Thursday, February 04, 2010

The Garage

The Garage

The first rule of "The Garage" is you do not talk about the Garage. Indeed, the Zagreb Youth Theatre's ferociously violent phantasmagoria, adapted from Zdenko Mesaric's Croatian novel, could probably teach the tough guys from the film "Fight Club" a few things. Not so much a play as a simulated societal meltdown, "The Garage" courageously follows its dark thematic material to a shockingly bleak conclusion.

Magnum’s Photo Archives Make Move to University of Texas -

Magnum’s Photo Archives Make Move to University of Texas -

The Magnum archive joins a parade of other collections of vintage photographic prints, including those of The New York Times and the National Geographic Society, that have changed hands in the past few years, as publications and photo agencies, moving aggressively to digitization, have realized they are sitting on valuable historical property.

Like other photo agencies, Magnum has seen its fortunes decline in recent years, along with those of the magazines and newspapers that once published the work of its photographers more regularly. The best known of these pictures went on to have long financial afterlives, thanks to licensing agreements that placed them everywhere from television to books and Web sites. But in a world of camera-phone images, bloggers and inexpensive photojournalism flooding the Internet, the cooperative’s finances have suffered.

“You could see the handwriting on the wall,” said Mr. Lubell, who took over as director six years ago, “and the handwriting was shrinking and shrinking.” With the proceeds from the sale the agency — which represents the work of 13 estates and 51 current members, including well-known photographers like Bruce Davidson, Eve Arnold, Susan Meiselas, Martin Parr and Alec Soth — will try to recreate itself as a media entity on the Web, relying less on publications and more on its ability to tell its own stories of world events and trends.

More Churches Promote Martial Arts to Reach Young Men -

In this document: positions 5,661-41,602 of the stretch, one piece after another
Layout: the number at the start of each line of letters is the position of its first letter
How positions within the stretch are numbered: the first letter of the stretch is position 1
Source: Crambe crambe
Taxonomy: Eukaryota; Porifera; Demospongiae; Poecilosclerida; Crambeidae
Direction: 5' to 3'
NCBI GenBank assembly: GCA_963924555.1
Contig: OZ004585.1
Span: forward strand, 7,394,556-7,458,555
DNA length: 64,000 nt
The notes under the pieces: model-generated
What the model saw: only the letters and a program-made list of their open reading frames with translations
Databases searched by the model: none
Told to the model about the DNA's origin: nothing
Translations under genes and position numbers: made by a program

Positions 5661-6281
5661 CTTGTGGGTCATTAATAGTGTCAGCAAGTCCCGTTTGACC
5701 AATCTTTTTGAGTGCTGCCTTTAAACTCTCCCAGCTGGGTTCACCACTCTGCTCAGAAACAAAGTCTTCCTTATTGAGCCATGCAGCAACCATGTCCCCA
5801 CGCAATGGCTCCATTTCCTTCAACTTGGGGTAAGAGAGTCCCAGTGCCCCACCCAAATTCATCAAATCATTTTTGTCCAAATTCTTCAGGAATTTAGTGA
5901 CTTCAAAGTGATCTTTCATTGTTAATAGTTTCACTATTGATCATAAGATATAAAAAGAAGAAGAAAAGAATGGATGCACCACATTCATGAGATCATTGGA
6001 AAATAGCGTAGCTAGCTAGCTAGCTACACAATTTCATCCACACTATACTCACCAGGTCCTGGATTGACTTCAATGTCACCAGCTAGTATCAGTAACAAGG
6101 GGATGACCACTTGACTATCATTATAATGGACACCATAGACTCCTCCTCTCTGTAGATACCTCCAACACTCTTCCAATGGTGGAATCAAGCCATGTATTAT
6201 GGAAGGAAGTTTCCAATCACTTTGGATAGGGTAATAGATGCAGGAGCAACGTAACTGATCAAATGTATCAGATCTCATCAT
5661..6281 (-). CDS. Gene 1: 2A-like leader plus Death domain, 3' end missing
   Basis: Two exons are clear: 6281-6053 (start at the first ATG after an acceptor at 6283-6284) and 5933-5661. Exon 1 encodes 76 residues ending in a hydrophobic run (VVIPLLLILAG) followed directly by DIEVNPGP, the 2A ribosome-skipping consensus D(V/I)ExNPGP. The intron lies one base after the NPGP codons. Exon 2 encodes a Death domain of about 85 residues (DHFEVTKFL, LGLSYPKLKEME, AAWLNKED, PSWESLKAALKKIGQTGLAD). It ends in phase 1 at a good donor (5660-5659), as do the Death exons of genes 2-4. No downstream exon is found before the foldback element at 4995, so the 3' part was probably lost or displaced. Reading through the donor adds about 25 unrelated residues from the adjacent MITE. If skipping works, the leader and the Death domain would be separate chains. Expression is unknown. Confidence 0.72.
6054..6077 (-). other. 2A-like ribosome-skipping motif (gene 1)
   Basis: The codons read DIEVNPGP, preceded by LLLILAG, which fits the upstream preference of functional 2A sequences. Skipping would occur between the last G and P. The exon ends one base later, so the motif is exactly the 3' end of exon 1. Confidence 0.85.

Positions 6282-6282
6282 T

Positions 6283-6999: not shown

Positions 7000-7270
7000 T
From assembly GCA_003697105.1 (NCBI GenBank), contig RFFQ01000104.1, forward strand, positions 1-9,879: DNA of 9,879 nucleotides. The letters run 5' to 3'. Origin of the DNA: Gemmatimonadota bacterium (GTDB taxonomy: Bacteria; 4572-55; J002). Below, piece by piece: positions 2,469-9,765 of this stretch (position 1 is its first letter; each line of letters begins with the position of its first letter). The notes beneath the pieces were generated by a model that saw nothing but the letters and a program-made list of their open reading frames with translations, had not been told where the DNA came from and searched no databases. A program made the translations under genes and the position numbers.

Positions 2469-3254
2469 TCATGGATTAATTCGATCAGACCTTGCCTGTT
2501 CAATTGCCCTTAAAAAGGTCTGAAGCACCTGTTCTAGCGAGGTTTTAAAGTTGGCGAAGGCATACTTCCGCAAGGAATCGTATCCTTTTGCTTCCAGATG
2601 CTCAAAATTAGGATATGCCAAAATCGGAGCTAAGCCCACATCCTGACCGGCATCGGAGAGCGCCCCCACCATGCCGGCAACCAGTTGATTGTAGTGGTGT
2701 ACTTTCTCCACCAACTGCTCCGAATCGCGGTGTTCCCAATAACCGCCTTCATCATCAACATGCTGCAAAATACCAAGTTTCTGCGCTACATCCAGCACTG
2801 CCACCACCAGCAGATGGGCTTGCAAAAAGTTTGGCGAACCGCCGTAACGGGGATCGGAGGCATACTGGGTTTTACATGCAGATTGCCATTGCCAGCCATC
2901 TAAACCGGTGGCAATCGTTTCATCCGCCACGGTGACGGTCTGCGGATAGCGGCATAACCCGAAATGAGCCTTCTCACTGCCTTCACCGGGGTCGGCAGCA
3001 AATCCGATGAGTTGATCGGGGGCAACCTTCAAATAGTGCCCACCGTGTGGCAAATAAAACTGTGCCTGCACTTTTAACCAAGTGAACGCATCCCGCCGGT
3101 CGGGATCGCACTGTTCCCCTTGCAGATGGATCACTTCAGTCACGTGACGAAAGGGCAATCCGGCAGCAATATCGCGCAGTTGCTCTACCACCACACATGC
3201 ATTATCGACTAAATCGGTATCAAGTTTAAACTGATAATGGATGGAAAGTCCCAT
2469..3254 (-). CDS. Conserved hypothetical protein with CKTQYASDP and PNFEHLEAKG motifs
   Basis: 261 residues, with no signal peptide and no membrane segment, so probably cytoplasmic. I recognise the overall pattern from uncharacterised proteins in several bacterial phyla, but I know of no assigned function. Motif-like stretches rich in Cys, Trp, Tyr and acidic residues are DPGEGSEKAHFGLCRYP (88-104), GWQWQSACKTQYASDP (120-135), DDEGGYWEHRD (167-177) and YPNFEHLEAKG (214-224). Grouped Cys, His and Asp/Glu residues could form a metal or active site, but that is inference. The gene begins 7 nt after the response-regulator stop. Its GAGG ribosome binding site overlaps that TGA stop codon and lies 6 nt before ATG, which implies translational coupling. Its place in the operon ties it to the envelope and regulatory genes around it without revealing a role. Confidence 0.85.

More Churches Promote Martial Arts to Reach Young Men -

Recruitment efforts at the churches, which are predominantly white, involve fight night television viewing parties and lecture series that use ultimate fighting to explain how Christ fought for what he believed in. Other ministers go further, hosting or participating in live events.

The goal, these pastors say, is to inject some machismo into their ministries — and into the image of Jesus — in the hope of making Christianity more appealing. “Compassion and love — we agree with all that stuff, too,” said Brandon Beals, 37, the lead pastor at Canyon Creek Church outside of Seattle. “But what led me to find Christ was that Jesus was a fighter.”

Over the past year and a half, a subculture has evolved, with Christian mixed martial arts clothing brands like Jesus Didn’t Tap (in the sport, “tap” means to give up) and Christian social networking Web sites like

Men ages 18 to 34 are absent from churches, some pastors said, because churches have become more amenable to women and children. “We grew up in a church that had pastel pews,” said Tom Skiles, 37, the pastor of Spirit of St. Louis Church in Arnold, Mo. “The men fell asleep.”

In focusing on the toughness of Christ, evangelical leaders are harking back to a similar movement in the early 1900s, historians say, when women began entering the work force. Proponents of this so-called muscular Christianity advocated weight lifting as a way for Christians to express their masculinity.

Wednesday, February 03, 2010

Carlos Reygadas - Biography

I just saw and loved "Silent Light" by this director...

Carlos Reygadas - Biography:

"'After I make a film I psychoanalyze myself retroactively so that I can give explanations to journalists and film people. But I don't believe in those explanations myself.'

'In philosophy there are two qualities. The act of being, and the act of being what they are. I wish my actors would just Be, first of all. And secondly, that they would be a chauffeur with an internal conflict. But the act of being is the one I really want to state.'

'Hope is the most important feeling we can have.'"